Thanks for the schematic. It's not too much help other than to notice that there seems to be big white space in front of the actual piston. There seems to be a lot of confusion about whether you can floor the brake or not. I'm here to tell you that you can.
I didn't say you cannot floor the pedal. In fact, that is exactly what happened to the OP in the link that I provided. What I did say is that there is a direct connection to the brakes. But I should be more clear. I meant from the master cylinder. But I do see what you mean about the white space! I certainly could be wrong, but I suspect the problem you are describing is in the ABS system and how it is implemented on the wheel cylinders. We had some discussions about that in the other thread. While we did not have details on what is implemented in the LEAF, we discussed generic systems. One possibility in that case was malfunction of the ABS system repeatedly releasing small amounts of fluid. Of course, that doesn't happen in the case you described with the power off.
karlboekelheide wrote:I'm also very disturbed by all the comments about how your brakes are screwed if your 12v battery isn't up to snuff. I don't think we should be at the mercy of so many easy to fail parts in order to have brakes. 12v batteries can fail in odd ways at odd times. What I really don't like being at the mercy of is Nissan programmers. There's way too much logic in the car. Having spent my working life time working with fail safe systems I know leaving out a direct mechanical connection to the brake pads is a real mistake.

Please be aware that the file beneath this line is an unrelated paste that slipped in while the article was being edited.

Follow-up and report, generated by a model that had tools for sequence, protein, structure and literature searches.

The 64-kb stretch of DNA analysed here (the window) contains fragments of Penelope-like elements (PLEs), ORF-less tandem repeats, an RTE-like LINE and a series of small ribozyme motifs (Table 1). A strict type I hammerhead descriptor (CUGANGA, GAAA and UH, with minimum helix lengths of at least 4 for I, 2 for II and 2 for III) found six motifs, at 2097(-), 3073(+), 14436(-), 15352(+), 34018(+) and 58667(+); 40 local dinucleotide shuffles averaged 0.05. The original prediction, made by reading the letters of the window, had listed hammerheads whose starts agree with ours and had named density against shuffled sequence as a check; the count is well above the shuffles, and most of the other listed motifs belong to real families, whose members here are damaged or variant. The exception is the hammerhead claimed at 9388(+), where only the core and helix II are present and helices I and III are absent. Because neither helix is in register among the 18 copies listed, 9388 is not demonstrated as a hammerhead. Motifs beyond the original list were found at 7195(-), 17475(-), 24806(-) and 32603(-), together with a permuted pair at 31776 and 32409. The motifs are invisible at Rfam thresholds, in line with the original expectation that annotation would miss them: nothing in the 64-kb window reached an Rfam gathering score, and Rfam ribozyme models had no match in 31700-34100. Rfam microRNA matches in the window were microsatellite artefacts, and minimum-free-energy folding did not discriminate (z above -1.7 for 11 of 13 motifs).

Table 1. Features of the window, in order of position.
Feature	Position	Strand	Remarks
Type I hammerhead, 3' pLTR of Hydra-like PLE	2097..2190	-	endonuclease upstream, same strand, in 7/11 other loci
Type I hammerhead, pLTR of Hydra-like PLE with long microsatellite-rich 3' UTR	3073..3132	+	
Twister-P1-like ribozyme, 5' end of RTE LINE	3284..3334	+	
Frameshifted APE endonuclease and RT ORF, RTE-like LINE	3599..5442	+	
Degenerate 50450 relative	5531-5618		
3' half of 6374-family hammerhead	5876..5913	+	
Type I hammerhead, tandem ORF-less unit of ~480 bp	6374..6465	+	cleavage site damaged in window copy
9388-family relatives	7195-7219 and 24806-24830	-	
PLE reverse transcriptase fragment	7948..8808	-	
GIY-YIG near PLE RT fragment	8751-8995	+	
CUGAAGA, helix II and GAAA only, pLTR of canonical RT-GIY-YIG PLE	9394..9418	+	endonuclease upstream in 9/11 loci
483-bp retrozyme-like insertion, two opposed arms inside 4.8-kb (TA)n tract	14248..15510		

Are you aware that there is an ultracapacitor in the back of our LEAFs which has the sole purpose of holding up the 12V to allow for sufficient braking in the case of a crash? It takes the place of the coffee can that used to hold a partial vacuum in old cars. In fact, when Nissan updated the firmware on my brakes, they could not release the car to me because the pedal went all the way to the floor. Apparently, I was the first one to get that work done at that dealership and the technician did not perform the steps which recharged the ultracapacitor. Without that capacitor charged, there was little to no braking. I don't know for sure, but I suspect that below a certain battery voltage the ultracapacitor is actively discharged to allow maintenance to be safely performed five minutes after the battery is disconnected from the car.
karlboekelheide wrote:What I don't see in any of the posts I'm looking is any communication with Nissan. Has anybody gotten an official response from them? I plan to start calling and writing next week.
I have directly communicated with Nissan on this topic, including in person and on this forum in threads that were read by them
. IMO, they do not seem overly concerned.